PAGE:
Bad Religious Arguments, Part 1


After spending years and years in church programs and internet forums, you start to hear the same things over and over. Interestingly, there are lots of arguments and “evidence” for the existence of God that should only be convincing to naïve children, but are taken seriously by millions of seemingly-intelligent people. Let’s cover some of them.


The watchmaker analogy: Nothing makes me roll my eyes quite like someone beginning a sentence with “Imagine you are walking on a beach and come across a watch…” Well, the analogy doesn’t necessarily involve finding the watch abandoned in sand, but the essence is this: “When you see a complicated piece of machinery like a watch, you know that it was constructed by an intelligent designer; it didn’t get assembled randomly. Similarly, if you see complicated things such as organisms, you can tell that they were designed and created as well.” The idea behind the argument is to conclude that a creator exists by process of elimination. Obviously, it’s astronomically improbable that a working mechanical device like a watch could be created by random or natural processes. The same skeptical view is then applied to biological entities. Of course, I see a number of things wrong with this analogy. First, a watch is not alive. Certainly, metal pieces cannot come together in a timepiece and start ticking, but once there is even a very simple form of life, evolution can bring it to higher levels of complexity over time. Second, the analogy does not apply because we are already clearly aware that watchmakers exist and how they make watches; we do not have such knowledge about the existence of God or the origin of life. Third, the “designs” of living things are not consistent with the concept of a perfect God; many species have useless organs and continually change through natural selection. Fourth, an entity such as God is even more complex that humans and requires a designer as well, according to the analogy’s logic. I’m inclined to believe that the idea that human life appeared without a divine cause is at least as plausible as the idea that divine life just happens to exist.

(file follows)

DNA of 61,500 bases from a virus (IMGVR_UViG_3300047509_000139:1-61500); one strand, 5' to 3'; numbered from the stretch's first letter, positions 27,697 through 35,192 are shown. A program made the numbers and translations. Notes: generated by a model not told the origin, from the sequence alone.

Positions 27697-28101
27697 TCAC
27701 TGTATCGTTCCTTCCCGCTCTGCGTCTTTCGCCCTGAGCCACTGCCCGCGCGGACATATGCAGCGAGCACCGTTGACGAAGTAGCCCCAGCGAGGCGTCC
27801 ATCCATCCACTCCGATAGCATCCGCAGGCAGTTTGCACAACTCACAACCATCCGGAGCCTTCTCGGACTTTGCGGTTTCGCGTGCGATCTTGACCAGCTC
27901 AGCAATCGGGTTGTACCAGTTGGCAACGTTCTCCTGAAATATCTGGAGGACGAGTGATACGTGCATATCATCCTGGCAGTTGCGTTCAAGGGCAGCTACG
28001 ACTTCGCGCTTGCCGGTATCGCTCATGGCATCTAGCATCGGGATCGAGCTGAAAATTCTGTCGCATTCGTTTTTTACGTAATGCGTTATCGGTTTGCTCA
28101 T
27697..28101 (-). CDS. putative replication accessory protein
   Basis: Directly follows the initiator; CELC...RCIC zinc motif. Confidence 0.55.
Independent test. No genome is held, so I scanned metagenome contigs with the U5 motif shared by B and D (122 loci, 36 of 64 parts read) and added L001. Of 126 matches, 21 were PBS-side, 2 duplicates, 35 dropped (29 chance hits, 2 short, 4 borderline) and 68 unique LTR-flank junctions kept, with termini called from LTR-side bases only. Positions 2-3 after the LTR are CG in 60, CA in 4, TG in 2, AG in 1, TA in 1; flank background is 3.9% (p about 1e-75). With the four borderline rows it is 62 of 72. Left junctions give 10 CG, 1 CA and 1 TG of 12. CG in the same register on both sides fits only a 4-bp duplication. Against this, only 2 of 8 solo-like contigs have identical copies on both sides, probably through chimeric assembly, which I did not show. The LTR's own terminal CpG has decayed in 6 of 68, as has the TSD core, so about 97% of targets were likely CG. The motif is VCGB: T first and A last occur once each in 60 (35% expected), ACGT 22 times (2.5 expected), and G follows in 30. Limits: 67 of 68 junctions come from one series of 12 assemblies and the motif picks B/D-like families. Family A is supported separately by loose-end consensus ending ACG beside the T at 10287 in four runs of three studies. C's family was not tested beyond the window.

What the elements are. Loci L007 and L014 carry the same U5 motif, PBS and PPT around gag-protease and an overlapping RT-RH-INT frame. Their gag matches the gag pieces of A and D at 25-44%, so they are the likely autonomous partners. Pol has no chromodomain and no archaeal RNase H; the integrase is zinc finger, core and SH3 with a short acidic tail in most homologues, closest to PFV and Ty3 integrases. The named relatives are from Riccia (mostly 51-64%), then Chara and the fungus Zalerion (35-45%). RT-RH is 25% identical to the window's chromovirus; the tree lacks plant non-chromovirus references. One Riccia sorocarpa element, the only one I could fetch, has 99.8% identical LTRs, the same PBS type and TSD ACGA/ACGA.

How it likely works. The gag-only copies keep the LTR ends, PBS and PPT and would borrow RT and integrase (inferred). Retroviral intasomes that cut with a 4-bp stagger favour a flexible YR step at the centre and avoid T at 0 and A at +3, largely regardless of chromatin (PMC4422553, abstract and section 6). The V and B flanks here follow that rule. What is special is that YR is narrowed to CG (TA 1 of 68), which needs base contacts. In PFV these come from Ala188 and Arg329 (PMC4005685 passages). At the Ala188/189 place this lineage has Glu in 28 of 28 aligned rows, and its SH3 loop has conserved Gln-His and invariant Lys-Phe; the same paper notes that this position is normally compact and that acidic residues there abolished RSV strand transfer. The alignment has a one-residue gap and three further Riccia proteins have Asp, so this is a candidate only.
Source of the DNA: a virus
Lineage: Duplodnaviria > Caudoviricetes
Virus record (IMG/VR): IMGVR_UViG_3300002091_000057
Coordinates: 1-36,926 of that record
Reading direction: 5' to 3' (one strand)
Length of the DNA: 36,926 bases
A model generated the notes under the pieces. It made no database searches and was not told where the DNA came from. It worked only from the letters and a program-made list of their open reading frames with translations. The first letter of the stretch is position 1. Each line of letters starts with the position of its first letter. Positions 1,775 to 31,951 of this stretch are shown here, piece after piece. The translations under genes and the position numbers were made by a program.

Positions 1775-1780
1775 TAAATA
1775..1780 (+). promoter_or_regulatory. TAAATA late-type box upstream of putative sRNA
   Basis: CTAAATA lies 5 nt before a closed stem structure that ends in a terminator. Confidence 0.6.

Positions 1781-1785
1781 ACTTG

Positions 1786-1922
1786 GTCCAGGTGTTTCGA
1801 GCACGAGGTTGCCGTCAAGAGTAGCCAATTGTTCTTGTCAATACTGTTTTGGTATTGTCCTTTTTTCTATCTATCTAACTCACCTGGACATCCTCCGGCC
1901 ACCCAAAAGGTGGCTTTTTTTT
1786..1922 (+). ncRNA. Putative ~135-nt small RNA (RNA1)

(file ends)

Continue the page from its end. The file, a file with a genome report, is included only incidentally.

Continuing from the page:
The “You don’t know everything” argument: I usually hear this in the form of “Visualize that all possible knowledge in the universe is represented by a circle and everything you know is a shaded portion of the circle. I’ll be generous and say you have (something) percent of the circle covered. Since the knowledge of God’s existence may be in a part of the circle that is unknown to you, you cannot be certain that God doesn’t exist!” This is often accompanied by a statement that a reasonable person claiming to be an atheist must admit that he does not know for certain that God does not exist, but only claims that based on his limited knowledge. I don’t know why that part is included, since most atheists don’t claim they know for certain that God doesn’t exist, just that they do not have reason to believe such a thing. There are several problems with this argument as well. Its logic can be used to shed doubt on anything. “2+2=4? Gravity makes things fall? God exists? But you only know 1% of everything! Maybe there’s something in the other 99% that proves you wrong!” In any case, my favorite reply to this argument is “So fill me in.” That is, tell me what part of the circle I’m missing. It should be easy enough. Most religious people think it’s so obvious that they’re right, so they shouldn’t act like the answer to God’s existence lies somewhere among random bits of information, but should go ahead and tell everyone the location of the proof.